Question: You said that man is nothing but a sensation and a mind, while whatever is happening around him is beyond his control and he merely observes the result. If so, what does it mean to look for what The Zohar describes within?
Answer: Right now, I am reading or listening to The Zohar. As I go along, I picture all sorts of images in my mind: angels, people, and landscapes.
Why do I perceive this as an external image, instead of responding to it in my feelings and thoughts, immediately switching to seeing it within myself? It’s because I am uncorrected and my will to feel pleasure, my ego, splits my perceptions into internal and external ones. It shows me this flawed picture, whereby everything that The Zohar describes is seemingly happening on the outside, not inside of me.
But on the outside, there is nothing at all. All reality is within me. Why, then, do I experience it as external? It’s because I cannot unify all of reality with myself yet; I don’t view it as my vital part. Why is this so? It’s because I relate to it egoistically, dividing all of its parts into internal ones, which are more important to me, and external ones, which are less important, totally meaningless, or ignored by me. Such is my egoistic, flawed form of perception. What do I do then?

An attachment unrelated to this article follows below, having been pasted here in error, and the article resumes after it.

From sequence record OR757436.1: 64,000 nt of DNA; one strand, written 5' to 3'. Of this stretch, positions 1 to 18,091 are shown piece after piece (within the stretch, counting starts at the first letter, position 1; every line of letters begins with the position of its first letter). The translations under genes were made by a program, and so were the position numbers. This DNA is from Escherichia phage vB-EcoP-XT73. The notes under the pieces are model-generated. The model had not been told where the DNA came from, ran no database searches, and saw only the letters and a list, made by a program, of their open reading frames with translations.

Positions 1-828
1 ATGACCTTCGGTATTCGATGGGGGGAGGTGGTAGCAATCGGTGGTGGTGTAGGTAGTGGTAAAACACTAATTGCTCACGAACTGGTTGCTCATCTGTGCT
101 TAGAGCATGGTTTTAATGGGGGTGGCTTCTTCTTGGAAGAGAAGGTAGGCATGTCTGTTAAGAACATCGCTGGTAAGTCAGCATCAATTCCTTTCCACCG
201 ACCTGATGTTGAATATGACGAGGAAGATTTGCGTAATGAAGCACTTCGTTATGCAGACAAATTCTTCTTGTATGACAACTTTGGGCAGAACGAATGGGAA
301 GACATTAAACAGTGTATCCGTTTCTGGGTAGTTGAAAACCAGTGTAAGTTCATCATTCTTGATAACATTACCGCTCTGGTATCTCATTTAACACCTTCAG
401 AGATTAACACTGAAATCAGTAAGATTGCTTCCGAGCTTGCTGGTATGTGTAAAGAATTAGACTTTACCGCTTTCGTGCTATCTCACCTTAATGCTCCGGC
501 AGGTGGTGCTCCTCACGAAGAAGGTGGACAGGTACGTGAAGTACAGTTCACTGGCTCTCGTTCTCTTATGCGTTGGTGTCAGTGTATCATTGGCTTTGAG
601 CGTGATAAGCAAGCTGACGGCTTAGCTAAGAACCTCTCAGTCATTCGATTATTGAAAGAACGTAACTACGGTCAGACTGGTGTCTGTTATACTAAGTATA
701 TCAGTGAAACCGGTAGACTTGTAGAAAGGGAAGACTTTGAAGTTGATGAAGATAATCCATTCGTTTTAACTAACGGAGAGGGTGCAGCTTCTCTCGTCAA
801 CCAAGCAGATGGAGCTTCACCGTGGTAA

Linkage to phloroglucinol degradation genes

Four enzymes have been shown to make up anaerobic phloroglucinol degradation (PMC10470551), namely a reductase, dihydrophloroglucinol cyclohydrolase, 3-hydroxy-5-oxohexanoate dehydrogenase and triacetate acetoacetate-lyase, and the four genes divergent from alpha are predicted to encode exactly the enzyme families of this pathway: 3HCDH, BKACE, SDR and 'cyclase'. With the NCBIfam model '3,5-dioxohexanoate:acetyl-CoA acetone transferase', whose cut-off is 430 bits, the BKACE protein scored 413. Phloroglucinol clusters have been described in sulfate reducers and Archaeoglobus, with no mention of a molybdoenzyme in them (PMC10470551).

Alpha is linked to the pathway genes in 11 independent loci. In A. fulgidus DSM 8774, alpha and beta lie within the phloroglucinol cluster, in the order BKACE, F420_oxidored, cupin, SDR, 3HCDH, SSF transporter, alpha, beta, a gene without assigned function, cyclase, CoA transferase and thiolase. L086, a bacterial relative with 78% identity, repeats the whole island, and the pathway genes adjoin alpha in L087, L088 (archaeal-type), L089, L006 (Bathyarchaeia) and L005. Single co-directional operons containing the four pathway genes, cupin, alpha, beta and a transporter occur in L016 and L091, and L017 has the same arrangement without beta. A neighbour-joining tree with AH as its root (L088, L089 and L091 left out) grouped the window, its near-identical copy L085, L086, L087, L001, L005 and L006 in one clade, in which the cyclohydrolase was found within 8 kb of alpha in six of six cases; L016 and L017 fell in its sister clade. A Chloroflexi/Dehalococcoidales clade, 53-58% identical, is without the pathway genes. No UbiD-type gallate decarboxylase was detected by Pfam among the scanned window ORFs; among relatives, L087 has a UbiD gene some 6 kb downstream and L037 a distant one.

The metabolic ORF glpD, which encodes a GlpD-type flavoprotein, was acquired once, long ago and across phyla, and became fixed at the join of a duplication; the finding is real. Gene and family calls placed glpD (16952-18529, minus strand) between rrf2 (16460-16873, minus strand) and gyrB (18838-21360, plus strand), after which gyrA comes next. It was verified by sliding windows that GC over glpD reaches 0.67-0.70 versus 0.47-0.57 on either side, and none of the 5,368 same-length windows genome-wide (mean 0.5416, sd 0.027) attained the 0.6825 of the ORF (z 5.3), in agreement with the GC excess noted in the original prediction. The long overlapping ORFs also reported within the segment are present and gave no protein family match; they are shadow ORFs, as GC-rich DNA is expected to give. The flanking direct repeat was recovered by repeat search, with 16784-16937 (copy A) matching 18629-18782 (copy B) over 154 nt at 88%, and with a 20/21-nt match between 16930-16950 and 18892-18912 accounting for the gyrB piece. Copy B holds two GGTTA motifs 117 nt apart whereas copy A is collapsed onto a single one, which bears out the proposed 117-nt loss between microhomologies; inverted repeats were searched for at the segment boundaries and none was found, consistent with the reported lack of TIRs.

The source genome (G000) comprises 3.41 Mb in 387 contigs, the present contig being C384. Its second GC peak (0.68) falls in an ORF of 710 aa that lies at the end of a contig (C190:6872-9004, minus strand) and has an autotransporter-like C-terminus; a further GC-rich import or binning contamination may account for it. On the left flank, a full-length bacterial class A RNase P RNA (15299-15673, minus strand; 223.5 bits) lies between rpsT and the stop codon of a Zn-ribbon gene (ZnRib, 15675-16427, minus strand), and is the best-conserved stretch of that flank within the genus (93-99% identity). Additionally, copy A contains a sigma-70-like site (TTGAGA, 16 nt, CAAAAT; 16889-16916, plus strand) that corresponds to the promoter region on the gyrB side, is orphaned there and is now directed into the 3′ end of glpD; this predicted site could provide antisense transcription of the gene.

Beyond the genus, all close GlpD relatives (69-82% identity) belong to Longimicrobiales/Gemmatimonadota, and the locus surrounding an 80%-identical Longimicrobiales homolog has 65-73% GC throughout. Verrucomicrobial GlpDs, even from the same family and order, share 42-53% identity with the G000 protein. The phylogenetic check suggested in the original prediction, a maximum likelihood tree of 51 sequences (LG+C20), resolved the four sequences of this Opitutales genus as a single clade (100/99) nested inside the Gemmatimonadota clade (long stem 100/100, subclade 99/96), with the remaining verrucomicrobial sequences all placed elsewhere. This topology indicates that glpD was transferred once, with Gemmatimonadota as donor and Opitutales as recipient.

This is what I should be telling myself:
- The Zohar talks solely about my internal states and properties, and except for what is happening within me right now, there is nothing else. A person is a small world, and everything is in it.
- Everything I see as taking place on the outside is determined exclusively by my own flawed perception. If I correct myself, I will see everything within instead.
In other words, the discrepancy between what I imagine while reading The Zohar as something happening outside of me and what I would be able to perceive as occurring within me demonstrates my flawed perceptions. Hence, I must strive to seek the correct form of perception inside, pray and plead for it to arise in me.
This is what we call to attain the content. As it is written in Baal HaSulam’s “Introduction to The Study of Ten Sefirot,” Item 155, “Although they do not understand what they are learning, through the yearning and the great desire to understand what they are learning, they awaken upon themselves the Lights that surround their souls.” I aspire to see this image in its authentic form and gradually draw it closer.
From the 2nd part of the Daily Kabbalah Lesson 5/24/2011, The Book of Zohar